However, a sea squall occurs which traps Chun in a fisherman’s net on her last day on Earth. The past few days, she has spent observing the humans and their world, especially one young human who loves the sea. This human sees that Chun is trapped in the net and swims out to save her.
Although he is able to free Chun from the fisherman’s net, he drowns in the storm. Chun tries to save him, but is only able to retrieve his ocarina. Chun can’t forget the young man or his grieving family even when she returns back to her own world.
Chun discovers that there may be a way to revive the young boy and return him back to his world. She trades half of her life in exchange for his. In doing so, she also irreversibly links together their two souls. Should one of them perish, so shall they both. To complicate matters, his soul must remain a fish until returning back to the human world. In Chinese legends, there was a big fish who could fly through the skies. Thus Chun names him after the fish of legend, Kun.
Many sad things happen along the way, but Chun resolves herself to complete her mission, even if it costs her her own life. As much as Chun cares for Kun, there’s another character who equally cares for Chun. He is her childhood friend named Qiu. With the same resolve that Chun takes to protect Kun, Qiu takes similar resolve to protect Chun, also willing if necessary to trade his life for hers.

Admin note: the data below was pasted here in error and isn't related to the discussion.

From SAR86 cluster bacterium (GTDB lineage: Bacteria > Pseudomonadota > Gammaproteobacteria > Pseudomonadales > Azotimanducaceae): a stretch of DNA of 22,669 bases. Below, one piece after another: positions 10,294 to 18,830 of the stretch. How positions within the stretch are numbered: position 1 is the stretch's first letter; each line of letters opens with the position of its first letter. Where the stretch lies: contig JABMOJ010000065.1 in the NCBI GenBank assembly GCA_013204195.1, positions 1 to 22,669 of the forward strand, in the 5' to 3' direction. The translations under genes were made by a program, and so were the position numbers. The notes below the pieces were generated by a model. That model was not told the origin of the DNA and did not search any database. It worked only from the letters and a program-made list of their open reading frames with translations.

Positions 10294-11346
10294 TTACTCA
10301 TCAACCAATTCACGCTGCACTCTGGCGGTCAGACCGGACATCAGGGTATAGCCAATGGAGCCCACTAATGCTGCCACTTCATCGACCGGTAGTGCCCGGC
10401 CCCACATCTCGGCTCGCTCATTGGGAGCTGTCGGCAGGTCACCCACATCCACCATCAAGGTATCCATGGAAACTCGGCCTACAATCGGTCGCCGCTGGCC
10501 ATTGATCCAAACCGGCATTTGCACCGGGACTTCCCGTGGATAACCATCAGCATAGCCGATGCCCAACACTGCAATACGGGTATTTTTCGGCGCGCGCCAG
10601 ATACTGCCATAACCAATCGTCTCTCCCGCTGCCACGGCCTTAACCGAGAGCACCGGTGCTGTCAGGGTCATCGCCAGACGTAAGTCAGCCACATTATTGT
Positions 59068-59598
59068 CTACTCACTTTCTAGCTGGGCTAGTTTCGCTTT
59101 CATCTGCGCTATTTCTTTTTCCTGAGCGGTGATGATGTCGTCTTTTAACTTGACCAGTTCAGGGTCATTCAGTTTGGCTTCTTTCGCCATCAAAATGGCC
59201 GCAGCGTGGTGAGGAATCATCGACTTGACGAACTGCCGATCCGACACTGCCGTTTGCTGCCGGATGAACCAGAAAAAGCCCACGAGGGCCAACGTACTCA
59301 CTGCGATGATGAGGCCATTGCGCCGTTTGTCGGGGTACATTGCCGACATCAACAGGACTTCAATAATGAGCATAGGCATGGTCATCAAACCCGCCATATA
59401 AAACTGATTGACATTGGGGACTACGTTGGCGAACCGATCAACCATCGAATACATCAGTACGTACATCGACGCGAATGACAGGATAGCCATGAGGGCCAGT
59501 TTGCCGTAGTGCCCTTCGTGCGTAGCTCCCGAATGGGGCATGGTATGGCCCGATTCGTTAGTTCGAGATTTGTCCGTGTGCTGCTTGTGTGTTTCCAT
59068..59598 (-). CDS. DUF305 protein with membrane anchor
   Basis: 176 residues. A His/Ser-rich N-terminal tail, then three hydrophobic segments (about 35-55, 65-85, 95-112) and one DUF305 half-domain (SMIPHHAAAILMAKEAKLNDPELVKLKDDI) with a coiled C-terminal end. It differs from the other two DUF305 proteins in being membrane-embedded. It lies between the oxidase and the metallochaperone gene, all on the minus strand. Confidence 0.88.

Overall, I really enjoyed the film and loved the concept and story. My complaint with the story is the introduction of minor characters halfway through. They abandon certain concepts they have introduced, and create inconsistencies and plot holes. Here are a few examples.
1.) In theory, Chun should not have even been able to return back to her world. Contact with humans was forbidden. Yes, her world begins to suffer, and everyone turns against her. But, when the film starts, her mother warns her not to let the humans see her and tells her that another girl just took the journey and was unable to return for breaking this rule.
2.) At one point, a villain will escape into the human world. (You’ll know what I’m referring to if you watch the movie). After escaping into the human world, we never see or hear from this villain again. You would think it had some motive for wanting to go into the human world and that some consequences may occur in the human world as the result of introduction of this character. We’re never shown exactly what those consequences are.
3.) When returning to the human world, all memories are supposed to be erased; however, that doesn’t seem to happen. There’s also the issue or significance of the necklace that Chun is wearing at the end, that I don’t recall being explained. It seems the creators want your attention to be called to the necklace from the swinging and shining animation and camera zoom and pan given to that scene. What significance exactly did the necklace hold?
This next bit might be a Spoiler for the end of Big Fish and Begonia
4.) If you watch past the credits you see a scene with Qiu (possibly eluding to a sequel of some sort), and at the end of the credits you are told that the film is based on a Chinese legend about a brother (Qiu) who evoked an 8,000 year long autumn, and his sister, Chun, who evoked an 8,000 year long spring. Then we are led to believe that the Qiu and Chun in this film are the reincarnations of the ones in Chinese Legend. Chun even tells Qiu that she can’t love him because she thinks of him as her brother.
When we look at their respective magical ability, Chun with her flowering and plant growing, and Qiu with his fruit growing/harvesting, this also reinforces the idea that they are brother and sister. Also while researching this, I discovered that Chun is the Chinese word for Spring, and Qiu, the Chinese word for Autumn.